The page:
I’m not going to sugar coat this topic at all. Creating your guest list is a major pain in the rear. Should you invite your high school friends? Should your mom be allowed to invite her book club because they’ve heard all about you, your relationship, and feel like they know you even though they’ve never met you? If you said yes to either of the previous questions, odds are your guest list is probably starting to skyrocket with no signs of slowing down. And, unless you have an unlimited budget, you’re probably starting to wonder how you are going to pay for all of these people. Don’t you worry though, IDL is here to help!
While it’s hard to know where to draw the line, these 7 tips will help you get that guest list under control once and for all!
- If you haven’t seen or spoken to them in 2+ years, it’s a no: This goes for your high school best friend and your college roommate. If the person you are considering is not family and you haven’t seen or heard from them in more than two years, you can take their name off the list. Even if they were an important part of your life at some point, just say no.
- If you don’t hangout with your coworkers outside of work, it’s a no: I know you probably see these people every day and you may even discuss wedding details over lunch, but if you don’t make an effort to hang out with each other after hours, cross them off.
- Your parent’s friends you’ve never seen, met, or heard of are a big no: Yes, your mom may discuss the details of your relationship and wedding with the members of her book club. And, your dad may do the same with his golf buddies, but that doesn’t mean they should get invited to your wedding. If mom and dad are trying to sneak a few names of people you’ve never met, let alone heard of, onto the list, politely say no and move on.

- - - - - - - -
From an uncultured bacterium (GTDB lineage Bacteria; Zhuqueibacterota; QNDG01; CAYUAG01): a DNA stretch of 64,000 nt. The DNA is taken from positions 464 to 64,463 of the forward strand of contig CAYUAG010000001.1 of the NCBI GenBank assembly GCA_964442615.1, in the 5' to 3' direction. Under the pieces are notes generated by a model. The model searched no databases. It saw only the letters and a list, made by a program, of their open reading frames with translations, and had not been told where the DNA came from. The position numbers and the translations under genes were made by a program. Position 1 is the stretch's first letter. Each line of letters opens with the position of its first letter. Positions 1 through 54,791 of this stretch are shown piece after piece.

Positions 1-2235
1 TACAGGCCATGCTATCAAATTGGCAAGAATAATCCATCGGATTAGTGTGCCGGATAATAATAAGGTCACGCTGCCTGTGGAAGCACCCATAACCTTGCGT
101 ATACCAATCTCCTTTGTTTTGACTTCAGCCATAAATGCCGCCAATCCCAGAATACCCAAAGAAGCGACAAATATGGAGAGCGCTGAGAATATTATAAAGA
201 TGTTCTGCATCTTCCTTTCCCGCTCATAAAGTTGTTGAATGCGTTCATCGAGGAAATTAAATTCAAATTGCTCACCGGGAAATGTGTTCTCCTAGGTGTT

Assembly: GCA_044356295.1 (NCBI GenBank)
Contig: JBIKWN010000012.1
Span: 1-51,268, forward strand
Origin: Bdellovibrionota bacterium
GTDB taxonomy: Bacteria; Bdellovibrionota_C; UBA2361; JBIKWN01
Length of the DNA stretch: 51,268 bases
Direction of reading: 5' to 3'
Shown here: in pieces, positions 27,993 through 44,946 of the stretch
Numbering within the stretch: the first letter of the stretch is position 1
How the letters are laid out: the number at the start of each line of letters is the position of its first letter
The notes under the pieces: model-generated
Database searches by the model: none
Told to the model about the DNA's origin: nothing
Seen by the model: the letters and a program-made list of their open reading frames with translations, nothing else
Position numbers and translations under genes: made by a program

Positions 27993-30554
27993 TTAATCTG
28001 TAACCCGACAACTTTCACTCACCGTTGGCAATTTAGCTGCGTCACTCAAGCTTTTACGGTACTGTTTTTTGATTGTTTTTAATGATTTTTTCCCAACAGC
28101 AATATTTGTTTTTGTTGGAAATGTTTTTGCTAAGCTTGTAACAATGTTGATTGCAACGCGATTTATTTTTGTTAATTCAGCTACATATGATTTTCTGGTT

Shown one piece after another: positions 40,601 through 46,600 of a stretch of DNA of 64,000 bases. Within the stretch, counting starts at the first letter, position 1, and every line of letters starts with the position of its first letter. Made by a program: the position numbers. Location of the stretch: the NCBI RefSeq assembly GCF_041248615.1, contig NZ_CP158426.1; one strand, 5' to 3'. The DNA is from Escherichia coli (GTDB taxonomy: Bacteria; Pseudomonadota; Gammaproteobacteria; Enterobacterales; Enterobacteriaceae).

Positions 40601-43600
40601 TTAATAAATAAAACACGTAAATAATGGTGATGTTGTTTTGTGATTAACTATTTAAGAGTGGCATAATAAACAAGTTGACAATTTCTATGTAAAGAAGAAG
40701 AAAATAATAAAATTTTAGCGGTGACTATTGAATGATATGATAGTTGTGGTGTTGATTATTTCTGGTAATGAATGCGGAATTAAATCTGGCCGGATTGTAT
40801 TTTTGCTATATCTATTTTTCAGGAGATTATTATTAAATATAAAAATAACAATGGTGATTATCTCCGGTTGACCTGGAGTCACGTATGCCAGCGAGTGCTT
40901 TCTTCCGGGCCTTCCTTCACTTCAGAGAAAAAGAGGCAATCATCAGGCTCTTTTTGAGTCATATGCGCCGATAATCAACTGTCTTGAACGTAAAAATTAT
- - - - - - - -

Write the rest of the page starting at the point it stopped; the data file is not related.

- Just say no to kids: This is actually a very controversial way to cut your guest list down. Some people are offended if you don’t include their children on the invitation. However, it’s not their wedding. And, if you are having a formal affair, it’s probably not the right environment for a group of kids to be running around anyways.
- If you feel obligated to invite them, you probably shouldn’t: Just because you were invited to someone’s wedding doesn’t mean they should be invited to yours. If you feel a sense of obligation when it comes time to invite a guest, that’s usually a pretty good indication that you really don’t want or feel need to invite them.
- Not every single guest needs a plus one: I like to stick to a general rule of thumb when it comes to plus ones; if a guest does not have a serious significant other, then they do not get a plus one. Often guests feel obligated to bring someone if you have the words “and guest” on their invitation. But usually, people are not offended if you don’t give them a plus one.
- Your wedding is not the time to make amends with long lost family member: This goes back to #1 a little bit. If you have a strained relationship with a family member, your wedding is not the time to extend an olive brand. If you can’t make amends before the wedding, leave them off the list!
If you follow these tips, you’re guest list should be under control in no time. But, if still have questions submit them to firstname.lastname@example.org and we’ll answer them on #weddingchatwednesday!